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Silvius Leopold WEISS (1686-1750)
Lute Sonatas, Volume 6

Sonata No. 45 in A major [33:56]
(1 Introduzzione [5:38]; 2 Courante [7:43]; 3 Bourrée [4:21]; 4 Sarabande [6:28]; 5 Minuet [3:43]; 6 Presto [6:04])
Sonata No. 7 in C minor [17:51]
(7 Allemande [5:14]; 8 Courante [2:13]; 9 Gavotta [1:22]; 10 Sarabande [3:35]; 11 Minuet [3:14]; 12 Gigue [2:14])
Sonata No. 23 in B flat major [22:53]
(13 Prelude et Entrée [3:33]; 14 Bourrées I et II [4:35]; 15 Gavottes I et II [4:20]; 16 Sarabande [3:35]; 17 Minuets I et II [3:41]; 18 Saltarella [3:09])
Robert Barto (baroque lute)
Rec. Green Room, Offord Hall, Aurora, Ontario, Canada, 4-7 October 2002. DDD
NAXOS 8.555722 [74:40]

 

The composer whose music is presented on this disc is a strident reminder of the enormous vulnerability musicians have in relation to their hands.

Jacqueline Du Pré’s multiple sclerosis robbed her of digital facility, and finally her life. Neurological disorder dystonia deprived Leon Fleisher of functionality in his right hand for more than three decades. An accident severely damaged the right arm of Julian Bream and was predicted to destroy function in his right hand, although later he overcame this.

Silvius Leopold Weiss (1686-1750), the foremost lutenist of his time, was victim of a bizarre occurrence that rendered him unable to play the lute for almost a year. In 1772 a French violinist bit his thumb so savagely that the first joint was almost totally severed!

A composer whose work is confined to a single genre is bound to be considered an interesting specialist only and suffer from commensurate lack of recognition. Weiss is no exception and only now is becoming recognized as one of the most important German composers of the first half of the 18th Century.

An exact contemporary of J.S. Bach, Weiss is unfortunate to be in the shadow of one of the greatest composers of all time. The shadow cast by Bach is a long one affecting such remarkable talents as Handel, Rameau, Telemann, François Couperin and Domenico Scarlatti to name but the most eminent.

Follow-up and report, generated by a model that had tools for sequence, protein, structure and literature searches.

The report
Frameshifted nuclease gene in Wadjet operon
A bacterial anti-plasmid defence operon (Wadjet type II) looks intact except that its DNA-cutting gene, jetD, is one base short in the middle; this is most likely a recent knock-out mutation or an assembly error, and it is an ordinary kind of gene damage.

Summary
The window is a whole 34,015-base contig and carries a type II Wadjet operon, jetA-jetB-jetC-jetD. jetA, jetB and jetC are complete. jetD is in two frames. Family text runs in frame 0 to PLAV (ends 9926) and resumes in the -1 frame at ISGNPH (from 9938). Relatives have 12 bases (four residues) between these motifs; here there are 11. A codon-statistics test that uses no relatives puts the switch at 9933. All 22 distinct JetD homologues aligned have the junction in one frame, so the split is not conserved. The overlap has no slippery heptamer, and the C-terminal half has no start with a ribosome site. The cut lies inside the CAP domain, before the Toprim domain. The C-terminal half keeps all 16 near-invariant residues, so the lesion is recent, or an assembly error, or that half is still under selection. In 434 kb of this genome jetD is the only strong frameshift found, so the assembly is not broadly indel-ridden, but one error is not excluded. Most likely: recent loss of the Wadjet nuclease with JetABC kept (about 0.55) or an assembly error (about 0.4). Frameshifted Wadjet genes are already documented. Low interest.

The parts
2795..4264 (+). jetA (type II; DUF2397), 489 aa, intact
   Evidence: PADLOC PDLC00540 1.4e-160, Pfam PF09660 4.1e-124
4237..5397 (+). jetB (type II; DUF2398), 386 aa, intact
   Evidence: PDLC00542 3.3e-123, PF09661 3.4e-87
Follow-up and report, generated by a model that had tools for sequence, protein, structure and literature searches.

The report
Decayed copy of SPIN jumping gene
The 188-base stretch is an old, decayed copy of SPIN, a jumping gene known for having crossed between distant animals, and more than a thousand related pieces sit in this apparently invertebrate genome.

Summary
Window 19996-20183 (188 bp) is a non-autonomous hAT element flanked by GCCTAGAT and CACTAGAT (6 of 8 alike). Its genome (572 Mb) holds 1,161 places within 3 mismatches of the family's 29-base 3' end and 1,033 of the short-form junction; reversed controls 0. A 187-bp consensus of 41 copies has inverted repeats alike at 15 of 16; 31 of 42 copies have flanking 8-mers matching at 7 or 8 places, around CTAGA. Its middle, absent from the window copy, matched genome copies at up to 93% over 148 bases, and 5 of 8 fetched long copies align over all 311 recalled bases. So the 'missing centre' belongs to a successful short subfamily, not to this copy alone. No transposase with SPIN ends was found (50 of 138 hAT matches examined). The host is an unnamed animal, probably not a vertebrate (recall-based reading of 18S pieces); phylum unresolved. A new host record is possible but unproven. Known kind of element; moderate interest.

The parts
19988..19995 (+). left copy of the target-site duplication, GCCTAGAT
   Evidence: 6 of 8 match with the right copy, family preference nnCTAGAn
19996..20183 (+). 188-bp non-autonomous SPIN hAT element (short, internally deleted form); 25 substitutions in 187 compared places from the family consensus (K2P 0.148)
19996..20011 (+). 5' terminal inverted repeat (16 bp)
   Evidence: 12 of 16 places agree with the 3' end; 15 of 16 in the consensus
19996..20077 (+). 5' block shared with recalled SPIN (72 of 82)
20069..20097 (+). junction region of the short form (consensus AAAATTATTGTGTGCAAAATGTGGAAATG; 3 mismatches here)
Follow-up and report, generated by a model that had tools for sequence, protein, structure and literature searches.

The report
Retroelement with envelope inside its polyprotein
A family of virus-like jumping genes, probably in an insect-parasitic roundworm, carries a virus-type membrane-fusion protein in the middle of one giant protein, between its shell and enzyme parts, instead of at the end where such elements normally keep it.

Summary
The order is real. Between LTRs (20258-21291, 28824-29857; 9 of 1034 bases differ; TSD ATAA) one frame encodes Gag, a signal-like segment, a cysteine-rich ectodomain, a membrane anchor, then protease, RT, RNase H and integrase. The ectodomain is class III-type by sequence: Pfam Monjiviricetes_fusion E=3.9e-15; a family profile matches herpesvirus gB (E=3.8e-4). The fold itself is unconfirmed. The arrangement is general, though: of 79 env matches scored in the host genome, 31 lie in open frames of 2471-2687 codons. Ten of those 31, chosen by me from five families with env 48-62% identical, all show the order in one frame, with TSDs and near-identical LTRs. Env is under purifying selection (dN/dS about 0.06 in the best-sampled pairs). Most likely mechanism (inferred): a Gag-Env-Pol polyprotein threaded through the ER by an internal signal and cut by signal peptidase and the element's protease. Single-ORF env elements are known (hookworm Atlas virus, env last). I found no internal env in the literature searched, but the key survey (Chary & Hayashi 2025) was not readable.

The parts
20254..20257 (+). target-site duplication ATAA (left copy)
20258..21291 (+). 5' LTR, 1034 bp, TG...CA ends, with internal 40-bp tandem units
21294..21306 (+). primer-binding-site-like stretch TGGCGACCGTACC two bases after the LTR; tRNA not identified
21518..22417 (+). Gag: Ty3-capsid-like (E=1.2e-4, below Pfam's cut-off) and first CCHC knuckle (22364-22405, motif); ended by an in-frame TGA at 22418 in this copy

To compound this invidious position Weiss wrote only for an obsolete instrument. His music is in tablature, an arcane form of notation that demands reconstruction of historically accurate instruments and produces unique challenges in execution of the music. Only in the past three decades has the general listener had access that enables appreciation of the subtleties and nuances of this highly imaginative and sensitive composer.

One could be excused for assuming that the lute is the predecessor of the classical guitar which it was not, the guitar’s genesis being more aligned with the vihuela. However much of the lute repertoire transcribes well to the guitar and it is on this instrument that it is often more frequently heard than on the original.

It was the great British guitarist Julian Bream who did much to champion the renaissance of the lute. Bream’s playing on the lute embodies the same consummate musicianship as is evidenced in his guitar playing but the former is less popular among "purists". Some say that it sounds too much like his guitar playing, and others are uncomfortable with innovations employed in the construction of his instruments when compared to original designs. The instrument played by Bream is a Renaissance Lute. Different versions may have up to ten courses of strings in contrast to the later baroque (D minor) lute employed on the review disc which has up to 14 courses.

This new release on Naxos is the sixth volume in a series. A first class lutenist, Mr. Barto gives a polished performance that demonstrates strong empathy for the composer. This quality is always highly relevant to any performance. In such a specialty area it is of particular significance.

The Sonata No. 45 is quite delightful and reflects the Italian influence that Weiss acquired in that country during the period 1708-14 when he was in the service of Polish former royal family. It has been described as one of Weiss’s crowning achievements, and therefore among the greatest works for the instrument from any period.

This recording establishes yet another dimension of association between the lute and the guitar. Bonnie Silver and Norbert Kraft, who have together worked on most of the production and technical management of the excellent Naxos series for classical guitar, performed the same support for the review disc. Little wonder that it is "spot-on."

Those baroque lute enthusiasts who have enjoyed the first five volumes of lute sonatas by Weiss will find volume six irresistible. For those who may not have yet sampled the delights of Weiss, this new disc qualifies in every way as the perfect introduction.

Zane Turner



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